A Conspiracy of Truths by Alexandra Rowland

I’ll be honest: I first noticed A Conspiracy of Truths because of its gorgeous cover. And because of that gorgeous cover, I waited nine months after release date to actually get it — I wanted the paperback specifically. I’m glad I waited so long, because boy is the outside gorgeous; but I’m sad I waited so long because boy is the inside even better.

A Conspiracy of Truths is about… well, lies, mostly. Or rather, truths that seem like lies and lies that seem like truths, and the man who spins them all. In less poetic terms: Chant is an old travelling storyteller who gets falsely accused of being a witch while he and his apprentice are passing through a town. He gets a trial, in which he tries to talk his way out of being executed for witchcraft. Instead he talks himself into being accused of being a spy. Then he continues to try to talk himself out of that. It goes similarly well.

Simply put: I really, really liked this book. I think I expected something far more litfic-y, and A Conspiracy of Truths does have a lot to say about the power of stories and how humans use them to make sense of the world, as well as how fragile those shared stories can be. But also it’s about a grumpy old man who’s stuck in various types of cells for most of the book, trying to bullshit his way out, with varying degrees of success. Chant’s stories and plots get pretty audacious — and snowball into something that shakes the whole nation. I giggled my way through most of it, and stared in delighted horror at the rest.

Chant is a fantastic character. He’s cynical and grumpy, but underneath that he also has a deep appreciation for humanity as a whole. His relationship with his apprentice Ylfing was my favourite part. They’re like an uncle and beloved nephew, at times fretting over each other and at times completely exasperated with the other. It’s pretty rare, and wonderful, to see such a strong cross-generational bond. Ylfing himself is wonderful too: a much sweeter, more optimistic, and completely “boy-crazy” (per Chant) foil to his master. Chant’s publicly-appointed advocate Consanza is another highlight: she’s just as cynical as him and pretty bored by the trial in general. Watching them butt heads made me grin every time.

I also really loved how much Rowland ran with the concept of storytelling. The book is literally being told by Chant and he’s not necessarily the most reliable narrator. For example, he tends to brush off any time his heart is pounding from worry or fear as oh, just him having a small heart attack probably, it happens. It’s exasperating in a really fun way. There’s also a lot of stories-within-stories: Chant and the others spins short tales to make a “moral” point, to convince the person listening to do something, or just to pass the time. The listener may interrupt the story with their own asides and the storyteller might not get to finish the tale. In one memorable case the storyteller simply forgot the ending.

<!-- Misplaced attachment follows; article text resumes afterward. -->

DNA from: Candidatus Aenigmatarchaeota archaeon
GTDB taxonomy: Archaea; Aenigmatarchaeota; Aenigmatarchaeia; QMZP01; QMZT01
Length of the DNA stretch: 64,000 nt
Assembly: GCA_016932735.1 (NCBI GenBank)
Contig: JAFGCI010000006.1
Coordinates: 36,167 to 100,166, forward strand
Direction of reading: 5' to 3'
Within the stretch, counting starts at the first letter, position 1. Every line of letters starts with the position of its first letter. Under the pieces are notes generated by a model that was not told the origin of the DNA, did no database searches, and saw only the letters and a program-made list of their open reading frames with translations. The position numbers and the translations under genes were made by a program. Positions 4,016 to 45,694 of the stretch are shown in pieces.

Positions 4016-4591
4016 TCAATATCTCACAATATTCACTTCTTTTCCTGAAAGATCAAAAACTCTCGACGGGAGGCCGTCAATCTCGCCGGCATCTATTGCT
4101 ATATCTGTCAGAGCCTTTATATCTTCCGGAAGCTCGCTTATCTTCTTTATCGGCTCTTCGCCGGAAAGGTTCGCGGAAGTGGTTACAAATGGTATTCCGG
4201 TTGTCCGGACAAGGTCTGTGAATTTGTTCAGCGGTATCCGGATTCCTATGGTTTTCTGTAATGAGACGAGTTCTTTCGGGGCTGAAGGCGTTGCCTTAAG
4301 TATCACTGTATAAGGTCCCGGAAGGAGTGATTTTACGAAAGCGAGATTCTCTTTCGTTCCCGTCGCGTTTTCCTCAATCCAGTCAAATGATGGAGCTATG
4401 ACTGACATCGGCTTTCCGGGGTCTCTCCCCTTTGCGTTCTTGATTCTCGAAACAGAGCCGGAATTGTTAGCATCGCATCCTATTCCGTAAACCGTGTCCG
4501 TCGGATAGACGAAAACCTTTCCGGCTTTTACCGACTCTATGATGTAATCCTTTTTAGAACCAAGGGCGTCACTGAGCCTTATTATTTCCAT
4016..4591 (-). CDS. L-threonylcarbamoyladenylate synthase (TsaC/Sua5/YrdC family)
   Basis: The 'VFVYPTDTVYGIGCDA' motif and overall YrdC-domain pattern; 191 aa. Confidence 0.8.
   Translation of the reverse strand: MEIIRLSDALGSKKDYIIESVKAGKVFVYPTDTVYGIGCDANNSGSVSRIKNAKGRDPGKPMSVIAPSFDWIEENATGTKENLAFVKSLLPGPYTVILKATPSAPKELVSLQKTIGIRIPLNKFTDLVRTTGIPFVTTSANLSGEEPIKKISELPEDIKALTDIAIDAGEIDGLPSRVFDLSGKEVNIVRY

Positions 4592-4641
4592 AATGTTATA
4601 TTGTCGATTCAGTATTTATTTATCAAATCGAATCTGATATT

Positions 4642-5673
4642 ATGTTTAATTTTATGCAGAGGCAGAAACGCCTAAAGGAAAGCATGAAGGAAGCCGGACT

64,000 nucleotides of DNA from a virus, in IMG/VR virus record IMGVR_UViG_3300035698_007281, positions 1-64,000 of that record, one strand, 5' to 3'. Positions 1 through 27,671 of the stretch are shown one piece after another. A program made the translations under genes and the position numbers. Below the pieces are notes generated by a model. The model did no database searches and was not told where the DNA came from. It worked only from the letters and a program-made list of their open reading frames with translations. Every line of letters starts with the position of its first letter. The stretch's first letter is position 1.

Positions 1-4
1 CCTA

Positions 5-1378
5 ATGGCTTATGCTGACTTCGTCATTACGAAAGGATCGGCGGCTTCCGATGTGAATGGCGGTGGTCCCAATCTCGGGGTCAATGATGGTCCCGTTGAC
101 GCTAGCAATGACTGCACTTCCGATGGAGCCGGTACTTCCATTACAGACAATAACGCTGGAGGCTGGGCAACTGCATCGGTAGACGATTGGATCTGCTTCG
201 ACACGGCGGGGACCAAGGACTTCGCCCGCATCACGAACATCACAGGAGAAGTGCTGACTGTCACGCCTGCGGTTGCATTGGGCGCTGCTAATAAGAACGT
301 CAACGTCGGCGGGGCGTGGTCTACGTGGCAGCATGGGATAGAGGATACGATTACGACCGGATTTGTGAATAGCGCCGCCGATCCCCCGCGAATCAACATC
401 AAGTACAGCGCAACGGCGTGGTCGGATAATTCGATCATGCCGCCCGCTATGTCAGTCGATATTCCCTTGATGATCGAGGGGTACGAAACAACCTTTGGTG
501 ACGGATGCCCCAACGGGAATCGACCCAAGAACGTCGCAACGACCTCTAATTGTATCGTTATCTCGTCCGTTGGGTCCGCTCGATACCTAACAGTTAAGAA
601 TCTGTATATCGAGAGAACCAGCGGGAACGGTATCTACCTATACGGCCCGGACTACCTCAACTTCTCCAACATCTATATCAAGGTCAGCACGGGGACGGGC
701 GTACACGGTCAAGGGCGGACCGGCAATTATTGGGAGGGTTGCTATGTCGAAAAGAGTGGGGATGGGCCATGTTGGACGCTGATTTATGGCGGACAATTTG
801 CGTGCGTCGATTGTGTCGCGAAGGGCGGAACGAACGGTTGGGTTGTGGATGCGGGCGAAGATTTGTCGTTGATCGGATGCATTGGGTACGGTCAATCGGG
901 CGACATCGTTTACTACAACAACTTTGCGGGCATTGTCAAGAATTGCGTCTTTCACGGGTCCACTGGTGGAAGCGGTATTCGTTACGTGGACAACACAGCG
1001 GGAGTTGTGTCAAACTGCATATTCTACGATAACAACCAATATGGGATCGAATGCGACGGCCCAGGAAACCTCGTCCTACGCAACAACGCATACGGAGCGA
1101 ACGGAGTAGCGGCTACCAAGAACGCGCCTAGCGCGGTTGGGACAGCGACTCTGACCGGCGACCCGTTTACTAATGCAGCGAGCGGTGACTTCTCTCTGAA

This results in a fantastic juxtaposition: Chant’s own world is limited to his small cell, but as most of the stories take place “a long time ago and half the world away” the book’s world feels large. Naturally Nuryevet, the country Chant is imprisoned in, is the most developed. It took a bit of time for the political factions and alliances in Nuryevet to click, but it’s nothing too intricate. In general, Nuryevens are hilariously/depressingly obsessed with bureaucracy. Their marriage is an “amalgamation of every kind of legal partnership”, and may include love and sex or “just” friendship, business, joint ownership of property, etc. Poly marriages are exceedingly common; nobody cares about the details as long as the paperwork is filed correctly. Again, it’s an interesting type of relationship you don’t see that often in fantasy books.

(Side-note: to go with their love of bureaucracy, Nuryevens have a Slavic-based naming system, complete with patronymics and matronymics, which I freaking adored.)

All right, I’ll leave off with the gushing here. In short, as I said, I don’t really regret waiting for the paperback. On the other hand, the sequel A Choir of Lies is coming out next month and I know that one I’ll have to get on day one.

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